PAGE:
More from the mailbag – user name lockouts


Dan asked (a long time ago, sorry Dan) that he was getting notifications of accounts being locked out due to invalid password attempts. Dan’s assuming this is because someone is trying to hack into an account and wanted to know how to stop SBS usernames from being “broadcast”.

Unfortunately, the question makes a fundamental assumption, that SBS somehow is broadcasting usernames. This is not the case, but it probably doesn’t take someone long to figure out a username for your users.

For example, if your user’s e-mail addresses and logon names are identical, then once they get an e-mail address for a user they can simply use that as their username for their attempt and start a dictionary attack.

How does one get a valid e-mail address? Simple: start at a@foo.com, end at zzzzzzzz@foo.com, and try every combination in between. Run a script to send to your SBS server a piece of spam that will just get deleted by your ordinary user. Wait for NDRs to return for the non-valid addresses, subtract the rest, and you have a user list.

2 ways to obscure this information:

  1. Make your user’s logon name and e-mail address different (can be done in the Add User Wizard at user creation time or afterwards by modifying the e-mail address or logon name in the user properties)
  2. Disable external deliveries of NDRs (840158 You cannot restrict certain automatic responses to the Internet based on http://support.microsoft.com/?id=840158) Note that I don’t typically recommend this as it is technically a violation of the SMTP RFC and won’t help your customers who accidentally mis-type an e-mail address and wonder why they never got a response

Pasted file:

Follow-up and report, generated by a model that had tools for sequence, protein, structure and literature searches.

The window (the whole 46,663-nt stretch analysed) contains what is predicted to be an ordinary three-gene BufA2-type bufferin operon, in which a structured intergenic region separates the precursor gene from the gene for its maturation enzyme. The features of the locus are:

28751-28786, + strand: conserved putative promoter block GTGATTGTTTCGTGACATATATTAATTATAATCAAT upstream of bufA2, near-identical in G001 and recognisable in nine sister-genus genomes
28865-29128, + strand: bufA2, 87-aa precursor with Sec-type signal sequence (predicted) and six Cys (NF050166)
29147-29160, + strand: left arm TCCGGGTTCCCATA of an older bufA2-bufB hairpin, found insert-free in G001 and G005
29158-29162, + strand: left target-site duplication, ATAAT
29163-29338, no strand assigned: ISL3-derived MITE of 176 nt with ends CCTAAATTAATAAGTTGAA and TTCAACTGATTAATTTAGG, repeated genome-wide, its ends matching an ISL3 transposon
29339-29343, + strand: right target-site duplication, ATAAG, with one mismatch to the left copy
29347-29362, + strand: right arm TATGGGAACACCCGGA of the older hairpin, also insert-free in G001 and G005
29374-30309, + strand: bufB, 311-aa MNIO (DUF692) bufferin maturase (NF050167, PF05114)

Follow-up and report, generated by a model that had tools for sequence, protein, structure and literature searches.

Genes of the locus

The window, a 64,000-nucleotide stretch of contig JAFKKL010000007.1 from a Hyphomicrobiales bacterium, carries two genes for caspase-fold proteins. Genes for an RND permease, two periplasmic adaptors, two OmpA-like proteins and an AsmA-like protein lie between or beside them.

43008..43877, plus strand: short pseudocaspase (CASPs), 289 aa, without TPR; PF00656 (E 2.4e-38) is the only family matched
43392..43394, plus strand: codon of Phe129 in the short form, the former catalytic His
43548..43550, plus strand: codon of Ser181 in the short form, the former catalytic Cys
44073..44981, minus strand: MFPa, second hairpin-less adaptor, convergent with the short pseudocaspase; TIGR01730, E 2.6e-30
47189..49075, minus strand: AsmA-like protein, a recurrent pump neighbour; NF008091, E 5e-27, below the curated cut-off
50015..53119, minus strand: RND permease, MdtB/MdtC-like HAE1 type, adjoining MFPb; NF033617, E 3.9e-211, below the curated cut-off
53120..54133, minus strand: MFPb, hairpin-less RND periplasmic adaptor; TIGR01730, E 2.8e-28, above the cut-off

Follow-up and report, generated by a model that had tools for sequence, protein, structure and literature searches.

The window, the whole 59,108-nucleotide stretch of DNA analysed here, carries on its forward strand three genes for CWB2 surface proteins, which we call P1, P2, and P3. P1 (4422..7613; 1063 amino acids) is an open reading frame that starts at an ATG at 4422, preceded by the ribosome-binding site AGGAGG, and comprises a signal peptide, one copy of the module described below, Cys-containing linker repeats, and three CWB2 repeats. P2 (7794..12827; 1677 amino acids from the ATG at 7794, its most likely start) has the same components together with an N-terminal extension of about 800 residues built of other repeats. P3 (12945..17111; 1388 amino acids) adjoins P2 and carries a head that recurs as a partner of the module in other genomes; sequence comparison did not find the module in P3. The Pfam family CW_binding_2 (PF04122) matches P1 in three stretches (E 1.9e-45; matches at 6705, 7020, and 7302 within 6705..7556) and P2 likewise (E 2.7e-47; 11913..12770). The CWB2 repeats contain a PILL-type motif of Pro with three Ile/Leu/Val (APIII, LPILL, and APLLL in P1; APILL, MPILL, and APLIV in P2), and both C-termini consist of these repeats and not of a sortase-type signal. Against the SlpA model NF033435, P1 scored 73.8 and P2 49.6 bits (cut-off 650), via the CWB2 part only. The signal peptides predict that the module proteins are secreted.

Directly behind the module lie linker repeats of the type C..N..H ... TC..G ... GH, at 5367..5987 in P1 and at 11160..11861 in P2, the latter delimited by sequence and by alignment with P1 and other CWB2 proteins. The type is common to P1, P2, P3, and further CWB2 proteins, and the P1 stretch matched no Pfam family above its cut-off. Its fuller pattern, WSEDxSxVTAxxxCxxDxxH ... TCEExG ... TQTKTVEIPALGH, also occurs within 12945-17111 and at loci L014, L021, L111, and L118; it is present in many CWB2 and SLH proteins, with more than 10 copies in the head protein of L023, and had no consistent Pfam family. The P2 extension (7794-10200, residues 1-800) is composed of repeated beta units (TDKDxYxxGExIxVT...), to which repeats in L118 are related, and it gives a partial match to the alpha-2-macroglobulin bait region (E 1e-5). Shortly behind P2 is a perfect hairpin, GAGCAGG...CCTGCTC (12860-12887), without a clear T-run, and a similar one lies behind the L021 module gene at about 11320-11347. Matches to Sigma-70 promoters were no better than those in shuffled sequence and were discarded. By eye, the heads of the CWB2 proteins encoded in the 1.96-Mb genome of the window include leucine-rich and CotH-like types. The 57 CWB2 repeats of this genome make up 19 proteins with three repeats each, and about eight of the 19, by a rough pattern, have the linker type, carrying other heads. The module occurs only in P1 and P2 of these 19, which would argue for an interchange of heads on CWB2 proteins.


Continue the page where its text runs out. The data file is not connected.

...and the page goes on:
Your most effective way of making sure that no one cracks your accounts is to enforce strong password policy. In Dan’s case, though, it doesn’t help his users who are getting locked out of their account legitamately. In that case, your best effort is to take some time and try to determine the IP address of the offending attempts and then block these at your router or higher up.

 

Comments (2)

  1. Alex Lee says:

    There’s also the case of viruses that can enumerate valid domain accounts (such as Randex, Gaobot variants). These simply ask & receive user names. Then they try a laundry list of passwords. Results in lockouts.

    I don’t know if there’s a good method to restrict anonymous access to this type of information. Or if it matters, since a valid computer/user could become infected & then not request anonymously.

    Suggestions…

    – Increase the lockout threshold. This mitigates against the DOS condition when a user is locked out. I know that much of the literature about passwords suggests 3 invalid attempts. I think you’ll find that newer literature suggests thresholds as high as 50 invalid attempts (such as the MS Threats & Countermeasures Guide).

    – Require complex and long passphrases. Change them more frequently. This mitigates against the increased lockout threshold.

    – Use strong passphrases on the Administrator account. These viruses can also propagate by connecting to the hidden $ shares. They will often use the local admin account.

    – Rename the local admin account. Disable it. Create a new, unique to your network or computer local admin account. Obfuscation, I know, but it does add a layer that a virus writer may not think to code for.

    – Audit the security event log for lockout events (or failed logon events). Each event includes the username locked out and the computer the attempt came from. When a virus is causing the lockouts, it is obvious in the logs. One source computer will be the cause of numerous user account lockouts. You are also likely to have an exponential increase in the number of failed logons or account lockouts. Refine the scope of this auditing by pointing EventCombMT at your PDC. That’ll catch most of this type of activity. There are also some automated means such as MS MOM, or eventing (I think it’s eventing), or MS LogParser.